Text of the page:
8 A second point complements the first point about the irrelevance of form. This is that legal form and organisation of a charity also matters very little to the way charitable gifts and donations which make up the social wealth to be distributed to charity beneficiaries are conceptualised.11 The only thing that matters in the round is the charitable purposes of the gift or donation. Gifts to charitable companies are presumptively construed to be given for their general charitable

purposes, absolutely of course.12 Similarly construed are gifts to charitable societies. A fortiori, they are gifts on charitable purpose trusts.13 Thus, it befalls those who allege that the transfers are for restricted uses or purposes or that only the income derived from the transferred corpus may be used to prove that they are unrestricted and general.14 All transfers alike are construed in a benign manner.15 So, even where the transfers are restricted, charity trustees are permitted to commingle the funds separately transferred for investment purposes.16 They should, of course, keep separate accounts in respect of these funds. There is some complication when gifts are earmarked for named and particular charitable companies or societies which have ceased to exist or otherwise are given under circumstances which call for application of the gifts cy près, if at all. Where the gift cannot be distinguished from the exact identity of the donee, and no other institution can be identified as fulfilling the purposes of the donee,17 or the donee cannot be identified as the donee intended despite changes in its constitution or condition,18 or if an out-and-out intention existed or a general charitable intention cannot be found,19 the gift is held on a resulting trust for the donor. What is significant is that cases where the gift is held on resulting trust are uncommon.
C. Irrelevance of legal form to charitable identity

9 The irrelevance of legal form to both the creation and distribution of charity property, as has been shown, reveal above all a fundamental and underlying irrelevance of legal form in the conceptualisation of charitable identity or what is a charitable purpose. Without exception, the existence of a charity (as Lord Macnaghten observed in Special Commissioners of Income Tax v Pemsel20 (“Pemsel”) depends entirely on what purposes are approved. Never questioned in Singapore, the classification of approved purposes in Pemsel was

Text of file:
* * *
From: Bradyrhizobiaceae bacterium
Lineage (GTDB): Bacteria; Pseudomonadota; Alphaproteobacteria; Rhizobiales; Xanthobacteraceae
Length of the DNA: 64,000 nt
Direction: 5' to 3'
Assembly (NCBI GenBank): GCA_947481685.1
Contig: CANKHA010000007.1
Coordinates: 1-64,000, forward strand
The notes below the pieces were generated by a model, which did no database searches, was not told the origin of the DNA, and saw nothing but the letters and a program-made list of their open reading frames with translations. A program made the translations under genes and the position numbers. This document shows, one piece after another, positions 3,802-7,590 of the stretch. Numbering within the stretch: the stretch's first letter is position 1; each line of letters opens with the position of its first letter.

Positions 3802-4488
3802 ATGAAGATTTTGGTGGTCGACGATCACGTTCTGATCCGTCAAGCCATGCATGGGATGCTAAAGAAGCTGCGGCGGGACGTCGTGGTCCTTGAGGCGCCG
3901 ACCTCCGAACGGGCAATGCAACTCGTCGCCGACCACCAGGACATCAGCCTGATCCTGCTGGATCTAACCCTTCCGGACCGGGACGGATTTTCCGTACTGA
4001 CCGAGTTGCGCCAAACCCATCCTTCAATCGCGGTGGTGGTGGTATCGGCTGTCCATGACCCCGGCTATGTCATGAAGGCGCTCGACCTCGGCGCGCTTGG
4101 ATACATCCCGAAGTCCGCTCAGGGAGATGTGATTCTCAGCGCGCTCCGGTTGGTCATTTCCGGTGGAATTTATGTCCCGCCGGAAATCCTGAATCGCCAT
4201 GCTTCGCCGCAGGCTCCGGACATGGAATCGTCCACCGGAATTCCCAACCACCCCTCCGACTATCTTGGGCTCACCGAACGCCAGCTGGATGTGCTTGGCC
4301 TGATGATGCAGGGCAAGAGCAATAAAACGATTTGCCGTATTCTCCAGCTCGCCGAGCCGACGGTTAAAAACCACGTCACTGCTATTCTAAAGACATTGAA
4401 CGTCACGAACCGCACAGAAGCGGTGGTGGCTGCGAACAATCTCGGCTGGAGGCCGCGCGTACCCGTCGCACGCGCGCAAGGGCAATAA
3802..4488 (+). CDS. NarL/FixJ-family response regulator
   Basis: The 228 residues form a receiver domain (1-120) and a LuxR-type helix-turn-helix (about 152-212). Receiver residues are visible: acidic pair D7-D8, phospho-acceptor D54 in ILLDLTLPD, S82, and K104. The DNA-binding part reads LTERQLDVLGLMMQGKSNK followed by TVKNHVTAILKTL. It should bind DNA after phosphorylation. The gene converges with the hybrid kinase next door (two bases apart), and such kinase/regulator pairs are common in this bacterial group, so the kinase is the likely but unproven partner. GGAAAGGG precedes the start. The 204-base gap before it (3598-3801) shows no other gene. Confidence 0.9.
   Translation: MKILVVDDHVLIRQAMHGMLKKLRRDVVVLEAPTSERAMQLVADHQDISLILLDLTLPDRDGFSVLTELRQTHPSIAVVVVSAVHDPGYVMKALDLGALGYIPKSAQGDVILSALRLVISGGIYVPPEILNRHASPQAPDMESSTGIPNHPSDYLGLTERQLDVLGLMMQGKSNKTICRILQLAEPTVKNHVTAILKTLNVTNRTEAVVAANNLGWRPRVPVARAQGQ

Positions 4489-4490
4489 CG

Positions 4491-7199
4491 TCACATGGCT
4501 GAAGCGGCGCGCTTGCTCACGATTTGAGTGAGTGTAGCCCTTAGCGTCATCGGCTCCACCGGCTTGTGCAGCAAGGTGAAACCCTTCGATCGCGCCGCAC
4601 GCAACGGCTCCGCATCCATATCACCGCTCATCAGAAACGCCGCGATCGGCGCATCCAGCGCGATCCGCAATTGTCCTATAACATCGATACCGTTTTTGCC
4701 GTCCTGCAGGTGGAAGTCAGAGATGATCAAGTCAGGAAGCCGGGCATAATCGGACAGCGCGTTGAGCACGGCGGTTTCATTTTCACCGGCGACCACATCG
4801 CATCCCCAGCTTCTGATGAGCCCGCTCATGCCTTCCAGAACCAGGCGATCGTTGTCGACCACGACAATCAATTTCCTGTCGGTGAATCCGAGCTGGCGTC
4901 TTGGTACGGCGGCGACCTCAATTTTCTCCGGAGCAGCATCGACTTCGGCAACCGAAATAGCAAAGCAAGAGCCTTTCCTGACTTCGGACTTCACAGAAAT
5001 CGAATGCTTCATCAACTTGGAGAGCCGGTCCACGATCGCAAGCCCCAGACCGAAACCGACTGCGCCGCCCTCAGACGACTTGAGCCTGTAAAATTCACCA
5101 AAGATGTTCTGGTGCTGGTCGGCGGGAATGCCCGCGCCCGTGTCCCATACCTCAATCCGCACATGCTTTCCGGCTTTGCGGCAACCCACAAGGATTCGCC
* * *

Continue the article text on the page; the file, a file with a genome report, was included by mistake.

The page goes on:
recently reaffirmed in the Court of Appeal.21 As a result, there are still only four categories of charitable purposes, namely, relief of poverty, advancement of education, advancement of religion, and purposes beneficial to the community within the spirit and intendment of the preamble to the UK Charitable Uses Act 160122 (“CUA 1601”). The first three apparently were recognised in the inherent jurisdiction of the Court of Chancery while the fourth originated from the 1601 statute.23 Most importantly for our purposes, despite these differences in provenance, all four categories are marked by the same two basic characteristics expressed in the formulation of the fourth category. These are that the purpose must in the abstract and in law be capable of benefitting the public (the spirit and intendment requirement of what the Government considers important)24 and that in the circumstances of any case there is in fact sufficient or demonstrable public benefit (what the court's judge to be...